Columbia University

Oldest-known stone tools pre-date Homo

Scientists working in the desert badlands of northwestern Kenya have found stone tools dating back 3.3 million years, long before the advent of modern humans, and by far the oldest such artifacts yet discovered. ...

dateMay 20, 2015 in Archaeology & Fossils
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Unforeseen dangers in a global food system

New York City Mayor Bill de Blasio's claim during a recent blizzard that food delivery bikes were not emergency vehicles caused a small disruption in the City's normally fast, abundant and inexpensive access ...

dateMay 01, 2015 in Environment
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Science nabs illegal ivory sellers

A Toronto-based company has been convicted of selling illegal ivory in the first case to use a technique for dating ivory developed by a scientist at the Lamont-Doherty Earth Observatory in collaboration ...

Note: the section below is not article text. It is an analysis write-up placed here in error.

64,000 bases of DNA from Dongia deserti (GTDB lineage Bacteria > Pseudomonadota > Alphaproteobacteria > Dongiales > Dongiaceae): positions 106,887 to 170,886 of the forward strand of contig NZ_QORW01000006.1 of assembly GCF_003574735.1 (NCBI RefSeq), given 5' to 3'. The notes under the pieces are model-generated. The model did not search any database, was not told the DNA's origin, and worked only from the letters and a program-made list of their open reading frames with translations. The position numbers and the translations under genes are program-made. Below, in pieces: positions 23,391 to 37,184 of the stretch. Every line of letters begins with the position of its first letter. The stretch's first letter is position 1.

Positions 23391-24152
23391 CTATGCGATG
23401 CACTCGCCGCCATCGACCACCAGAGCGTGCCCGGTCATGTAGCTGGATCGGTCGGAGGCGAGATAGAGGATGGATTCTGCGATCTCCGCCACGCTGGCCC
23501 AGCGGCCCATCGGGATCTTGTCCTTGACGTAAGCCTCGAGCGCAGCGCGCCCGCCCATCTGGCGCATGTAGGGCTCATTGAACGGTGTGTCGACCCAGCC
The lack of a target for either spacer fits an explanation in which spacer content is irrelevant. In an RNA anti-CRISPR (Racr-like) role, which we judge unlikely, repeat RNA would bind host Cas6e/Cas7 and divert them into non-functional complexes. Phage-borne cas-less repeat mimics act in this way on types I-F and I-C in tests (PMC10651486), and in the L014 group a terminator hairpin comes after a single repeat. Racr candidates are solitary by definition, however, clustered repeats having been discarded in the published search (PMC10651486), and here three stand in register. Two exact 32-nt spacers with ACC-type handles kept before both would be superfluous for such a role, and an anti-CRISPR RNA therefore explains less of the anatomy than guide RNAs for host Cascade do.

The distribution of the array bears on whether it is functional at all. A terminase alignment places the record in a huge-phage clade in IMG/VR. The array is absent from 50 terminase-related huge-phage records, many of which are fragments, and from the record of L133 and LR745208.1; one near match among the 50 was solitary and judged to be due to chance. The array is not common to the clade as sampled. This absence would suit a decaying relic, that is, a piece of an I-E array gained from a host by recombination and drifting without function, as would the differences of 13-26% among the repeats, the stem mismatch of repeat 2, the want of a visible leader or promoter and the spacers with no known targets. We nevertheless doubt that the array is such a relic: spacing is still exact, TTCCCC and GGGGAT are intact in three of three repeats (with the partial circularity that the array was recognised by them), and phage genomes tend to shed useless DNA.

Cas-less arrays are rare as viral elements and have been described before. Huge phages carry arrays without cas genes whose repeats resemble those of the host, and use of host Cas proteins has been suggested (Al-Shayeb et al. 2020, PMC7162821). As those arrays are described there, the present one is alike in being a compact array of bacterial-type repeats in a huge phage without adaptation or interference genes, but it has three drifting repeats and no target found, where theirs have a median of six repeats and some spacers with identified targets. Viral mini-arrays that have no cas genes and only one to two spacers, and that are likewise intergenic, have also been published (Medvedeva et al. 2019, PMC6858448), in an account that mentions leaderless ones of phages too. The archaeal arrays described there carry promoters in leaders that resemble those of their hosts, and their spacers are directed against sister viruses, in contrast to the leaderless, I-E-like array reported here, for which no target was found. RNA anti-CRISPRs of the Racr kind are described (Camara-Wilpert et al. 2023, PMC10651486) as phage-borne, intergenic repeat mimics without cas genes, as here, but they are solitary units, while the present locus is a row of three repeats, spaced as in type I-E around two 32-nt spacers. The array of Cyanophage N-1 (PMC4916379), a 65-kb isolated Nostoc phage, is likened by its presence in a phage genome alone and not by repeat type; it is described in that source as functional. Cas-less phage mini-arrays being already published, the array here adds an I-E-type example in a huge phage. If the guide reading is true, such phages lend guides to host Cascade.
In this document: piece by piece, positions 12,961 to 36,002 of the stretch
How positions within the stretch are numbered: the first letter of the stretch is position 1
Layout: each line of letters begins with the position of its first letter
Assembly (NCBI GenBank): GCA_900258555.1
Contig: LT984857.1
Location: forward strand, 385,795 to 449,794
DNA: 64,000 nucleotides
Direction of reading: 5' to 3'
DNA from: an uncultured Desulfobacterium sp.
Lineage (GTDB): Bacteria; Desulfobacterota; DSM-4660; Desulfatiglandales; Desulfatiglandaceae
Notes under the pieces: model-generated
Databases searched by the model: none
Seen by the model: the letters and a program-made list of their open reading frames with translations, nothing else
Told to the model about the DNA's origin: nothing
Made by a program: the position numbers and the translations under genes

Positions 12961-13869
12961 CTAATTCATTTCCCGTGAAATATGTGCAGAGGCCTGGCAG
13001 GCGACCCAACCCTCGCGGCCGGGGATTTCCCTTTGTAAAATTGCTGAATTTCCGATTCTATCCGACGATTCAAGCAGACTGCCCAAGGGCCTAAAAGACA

dateMar 09, 2015 in Analytical Chemistry
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Did climate change help spark the Syrian war?

A new study says a record drought that ravaged Syria in 2006-2010 was likely stoked by ongoing manmade climate change, and that the drought may have helped propel the 2011 Syrian uprising. Researchers say ...

dateMar 02, 2015 in Environment
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Seafloor volcano pulses may alter climate

Vast ranges of volcanoes hidden under the oceans are presumed by scientists to be the gentle giants of the planet, oozing lava at slow, steady rates along mid-ocean ridges. But a new study shows that they ...

dateFeb 05, 2015 in Earth Sciences
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A Texas-sized block of ice

The first dedicated Antarctic Icepod mission was flown out across the center of the Ross Ice Shelf. Ice shelves are thick floating extensions of the ice sheet that form as the ice flows off the continent ...

dateDec 05, 2014 in Earth Sciences
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